How To Deal with the Death of a Houseplant

Of all the seasons, spring has to be a plant lover's favorite. But this time of year isn’t just about fresh blooms and singing birds; the anticipation of fertility and rebirth is actually deeply intertwined with death, and plants are exemplars of this juxtaposition.

It might sound morbid but hear me out. Winter doesn’t suddenly concede to spring. It lingers awhile in that in-between stage when the sun warms our cheeks by day and the cold nips at our fingertips by night. It's a time when two opposite ends of life’s spectrum coexist as the final grip of decay gives way to the onset of fresh life. You’ll see bare trees whose trunks look like knobby knees treading the residual sludge of the last snow while their stark branches are erupting in small, tightly-clenched buds.

Spring forces us to reconcile the living with the dead. Some plants aren’t meant to survive the bitter frost but have another purpose in the afterlife as organic matter—a necessary material found in rich, healthy soil. Being able to see beauty in this cycle of life and death is about perspective, and this is especially true when we talk about houseplants and their untimely deaths.

Death Doesn’t Always Mean Failure

Plants die, let’s face it. No matter your level of skill or innate greenness of thumb, you will eventually bid farewell to a plant as part of nature’s process. Plants emerge from under the soil as seedlings, reaching up and spreading out until the day when, just like us, they bend low and shrink back down to the earth, becoming an enriching part of the soil in their decomposition. Their fibrous matter, devoid of water and living cells, contributes to a more complex earth.

Certain elements of plant death can be beautiful, even nourishing. Consider a cup of teathe most widely consumed beverage in the world and arguably nature’s most soothing elixir—made from dead leaves that were plucked before full maturation, then dried out, crushed and submerged into boiling water. The very act of steeping and sipping requires us to slow down and inspires contemplation, meditative habits that carry over into effective plant care. 

tea leaves- horti

You're Not a Plant Killer, You're Just a Human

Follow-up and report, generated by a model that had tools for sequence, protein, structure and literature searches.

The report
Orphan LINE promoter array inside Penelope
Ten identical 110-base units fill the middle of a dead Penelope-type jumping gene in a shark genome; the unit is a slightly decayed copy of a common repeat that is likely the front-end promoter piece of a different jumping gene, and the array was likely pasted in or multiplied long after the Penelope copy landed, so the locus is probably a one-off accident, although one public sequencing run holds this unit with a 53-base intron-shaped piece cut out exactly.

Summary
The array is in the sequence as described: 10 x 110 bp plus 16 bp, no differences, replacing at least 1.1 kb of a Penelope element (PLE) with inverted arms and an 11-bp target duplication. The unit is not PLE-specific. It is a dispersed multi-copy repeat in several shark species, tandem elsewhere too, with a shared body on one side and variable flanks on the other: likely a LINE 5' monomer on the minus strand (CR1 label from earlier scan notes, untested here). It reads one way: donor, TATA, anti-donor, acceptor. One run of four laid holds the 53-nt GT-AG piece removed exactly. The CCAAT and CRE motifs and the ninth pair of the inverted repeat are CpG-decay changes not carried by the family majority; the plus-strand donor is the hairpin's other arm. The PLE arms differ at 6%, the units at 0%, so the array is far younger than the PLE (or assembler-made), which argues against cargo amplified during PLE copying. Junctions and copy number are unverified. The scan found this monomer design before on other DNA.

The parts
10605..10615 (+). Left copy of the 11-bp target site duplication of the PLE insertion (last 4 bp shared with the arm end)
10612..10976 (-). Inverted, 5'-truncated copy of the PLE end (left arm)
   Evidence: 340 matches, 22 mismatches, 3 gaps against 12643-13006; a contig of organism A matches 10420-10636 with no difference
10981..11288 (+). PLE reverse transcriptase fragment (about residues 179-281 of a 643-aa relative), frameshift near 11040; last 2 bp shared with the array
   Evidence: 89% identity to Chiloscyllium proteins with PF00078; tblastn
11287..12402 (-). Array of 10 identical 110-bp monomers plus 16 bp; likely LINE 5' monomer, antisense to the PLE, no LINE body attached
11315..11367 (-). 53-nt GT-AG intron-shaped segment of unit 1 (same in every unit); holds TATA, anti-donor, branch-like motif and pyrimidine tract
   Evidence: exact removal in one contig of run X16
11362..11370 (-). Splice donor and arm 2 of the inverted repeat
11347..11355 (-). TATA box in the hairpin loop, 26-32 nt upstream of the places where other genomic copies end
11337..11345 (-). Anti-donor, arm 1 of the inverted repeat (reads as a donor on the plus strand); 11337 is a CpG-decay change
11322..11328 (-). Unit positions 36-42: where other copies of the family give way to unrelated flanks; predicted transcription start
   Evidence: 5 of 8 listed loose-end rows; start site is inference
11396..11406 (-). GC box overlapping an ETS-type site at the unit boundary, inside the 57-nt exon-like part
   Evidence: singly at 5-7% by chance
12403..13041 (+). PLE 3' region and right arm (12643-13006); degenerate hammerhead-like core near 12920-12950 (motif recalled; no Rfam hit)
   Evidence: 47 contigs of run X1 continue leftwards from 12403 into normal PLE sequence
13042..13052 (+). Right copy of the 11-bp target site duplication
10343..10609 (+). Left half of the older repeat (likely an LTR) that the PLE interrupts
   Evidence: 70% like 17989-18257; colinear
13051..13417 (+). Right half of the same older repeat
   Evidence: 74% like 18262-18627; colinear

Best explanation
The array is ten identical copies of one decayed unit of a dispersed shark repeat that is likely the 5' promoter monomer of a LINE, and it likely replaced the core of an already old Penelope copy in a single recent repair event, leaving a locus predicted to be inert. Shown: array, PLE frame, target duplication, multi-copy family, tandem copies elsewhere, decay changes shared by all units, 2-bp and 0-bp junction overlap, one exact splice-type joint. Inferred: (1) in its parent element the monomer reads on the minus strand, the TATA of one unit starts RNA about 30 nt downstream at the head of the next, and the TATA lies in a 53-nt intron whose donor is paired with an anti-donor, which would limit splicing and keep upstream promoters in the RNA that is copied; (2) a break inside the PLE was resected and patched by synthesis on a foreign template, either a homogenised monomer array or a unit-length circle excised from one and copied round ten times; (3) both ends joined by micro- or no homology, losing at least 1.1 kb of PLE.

We have all lost our share of houseplants prematurely to beginner’s neglect or obsessive smothering. The helplessness of watching a plant’s health fade—or the tragedy of forgetting about it altogether—often discourages from future attempts at growing. Losing confidence in the ability to care for plants is a feeling of defeat that can last for weeks, months, even years. 

The problem in dealing with the death of a houseplant is that it’s not always obvious what to do next. There’s no clear protocol, no easy burial. Grief gets quickly swallowed up in embarrassment that you were not able to sustain life, so you (if you're anything like me) stash the lifeless planter in a closet or banish it to the fire escape until summer.

Soil to Soil, Dust to Dust

It's important to reconcile with plant death in order to move beyond it—to give up your dried-out wilted stems and abandoned planters yearning to be clean. Their missed waterings and overexposure need not have been in vain.

Composting your deceased plant is the best way to commemorate its passage from leafy & living to nutritious soil in the great cycle of life. Deposit it into your neighborhood brown bins or look for a compost drop-off site at your local farmers' market where you can often get fresh compost in exchange.

Donating your dead houseplant to become communal organic matter is as useful as it is therapeutic; liken to a public burial, giving up your decomposing plant will add important nutrients back to the soil (so long as your plant wasn't diseased) which improves the quality of life for everything planted with it—street trees, community gardens and your own new houseplants.

If you want to learn more about the basics of planting, a Horti subscription is a great place to start in rebuilding your confidence in plant care and creating a thoughtful practice around watering, re-potting, and mounting plants—skills that nudge you closer to the indoor oasis of green you have been dreaming of.